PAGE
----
“It’s back of the house,” he says, jerking this thumb loosely over his shoulder.

You thank him and leave him to find your way to the back. The door under the stoop is dark and forbidding, but beside it is a clew in the form of a faded wooden sign, so faded that the letters it bears are hard to make out. The words are “E. L. Morse, Theatrical Properties.” Evidently, Mr. Morse is not overanxious for anybody to find him.

This article first appeared in the New York Times, May 8, 1904.

Finding a Job in Film (for Prop Makers)

If you ask ten prop makers how they began building props for film, you will get ten different answers. It usually involves some combination of luck, timing, and knowing the right person. While theatre has seasonal employment, apprenticeships and internships which you can find advertised as well as job fairs which feature employers that regularly hire prop people, the world of film has no such thing. You can’t learn about it in a book (believe me—I’ve looked). So how do you get started?

I also want to add that I am writing this as I figure it out; I am pretty much a prop maker for theatre, and my film credits are, well… I haven’t done any film. But this is similar to how I began to get work in the display and exhibition world, and that kept me fairly well employed for a few years. So if any of may readers have advice to add, I’m sure all of us, myself included, will be grateful for it.

To start, find out where the props are being built. Continue reading Finding a Job in Film (for Prop Makers)

Childsplay Theatre

I am back from the 18th (or 19th?) official S*P*A*M conference. This year’s host was Jim Luther, the Prop Director at Childsplay Theatre in Arizona. On the Saturday of the conference, he led us on a tour of his props shop and their facilities.

Welcome to the props shop

The front room of the shop is the “clean” room, which also had a number of props out for display. Jim showed us some pieces as we looked around. Continue reading Childsplay Theatre

Prop or not?

Is a musical instrument a prop? Many prop masters like to say, “If you want it to look good, it’s a prop. If you want it to sound good, it’s the sound department.” We’re doing Capeman right now, which is a musical. The orchestra obviously brings their own instruments. Any instruments which are handled by the actors have been provided by us, the prop department. Is this the correct way to break down the responsibilities of the different departments? The answer is, “it depends.”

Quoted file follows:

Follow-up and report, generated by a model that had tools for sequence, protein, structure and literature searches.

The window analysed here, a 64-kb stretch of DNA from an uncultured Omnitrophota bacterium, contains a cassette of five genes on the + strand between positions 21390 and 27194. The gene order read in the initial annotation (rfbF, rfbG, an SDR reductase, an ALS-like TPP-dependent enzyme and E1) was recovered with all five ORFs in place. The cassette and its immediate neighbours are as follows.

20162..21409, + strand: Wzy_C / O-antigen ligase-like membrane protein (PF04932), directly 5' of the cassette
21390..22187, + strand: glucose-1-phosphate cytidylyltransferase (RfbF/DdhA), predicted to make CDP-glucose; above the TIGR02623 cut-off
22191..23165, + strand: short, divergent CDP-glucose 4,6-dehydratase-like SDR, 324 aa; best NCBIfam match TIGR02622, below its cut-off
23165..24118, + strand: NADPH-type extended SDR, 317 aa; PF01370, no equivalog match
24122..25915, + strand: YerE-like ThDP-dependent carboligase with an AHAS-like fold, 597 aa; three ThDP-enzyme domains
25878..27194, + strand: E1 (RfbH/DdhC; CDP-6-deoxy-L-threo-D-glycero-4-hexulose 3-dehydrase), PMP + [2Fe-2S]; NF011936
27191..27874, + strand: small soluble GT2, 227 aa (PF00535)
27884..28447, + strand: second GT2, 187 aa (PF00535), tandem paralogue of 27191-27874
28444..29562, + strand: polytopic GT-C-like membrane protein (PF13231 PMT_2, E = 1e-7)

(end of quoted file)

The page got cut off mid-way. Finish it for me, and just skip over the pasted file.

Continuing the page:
Companies which produce a lot of musicals or operas may have a separate department for dealing with the musicians’ “stuff”. Other houses may strictly state that props, and only props, deals with those matters. Finally, other places may not have a set protocol and simply decide it on a show-by-show basis.

Is a live animal a prop? A lot of theatres may automatically assign the procurement and wrangling of a live animal to the props department. Many prop departments may instead contend that “if it poops and eats, it’s casting.” in other words, the responsibility of a live animal falls to the same people in charge of live people. Of course, it may still fall to the props department, either because of tradition or practicalities’ sake. Again, there is no correct answer.

The lesson to take from these two examples is that the strict academic definition of a prop and the duties of a prop shop are not necessarily the same thing. Not everything which may be considered a prop is procured by the prop shop, and not everything done by a prop shop is a prop. Prop shops in the different disciplines of film, television and theatre have slightly different duties, and even prop shops in the same discipline may vary in their particular responsibilities.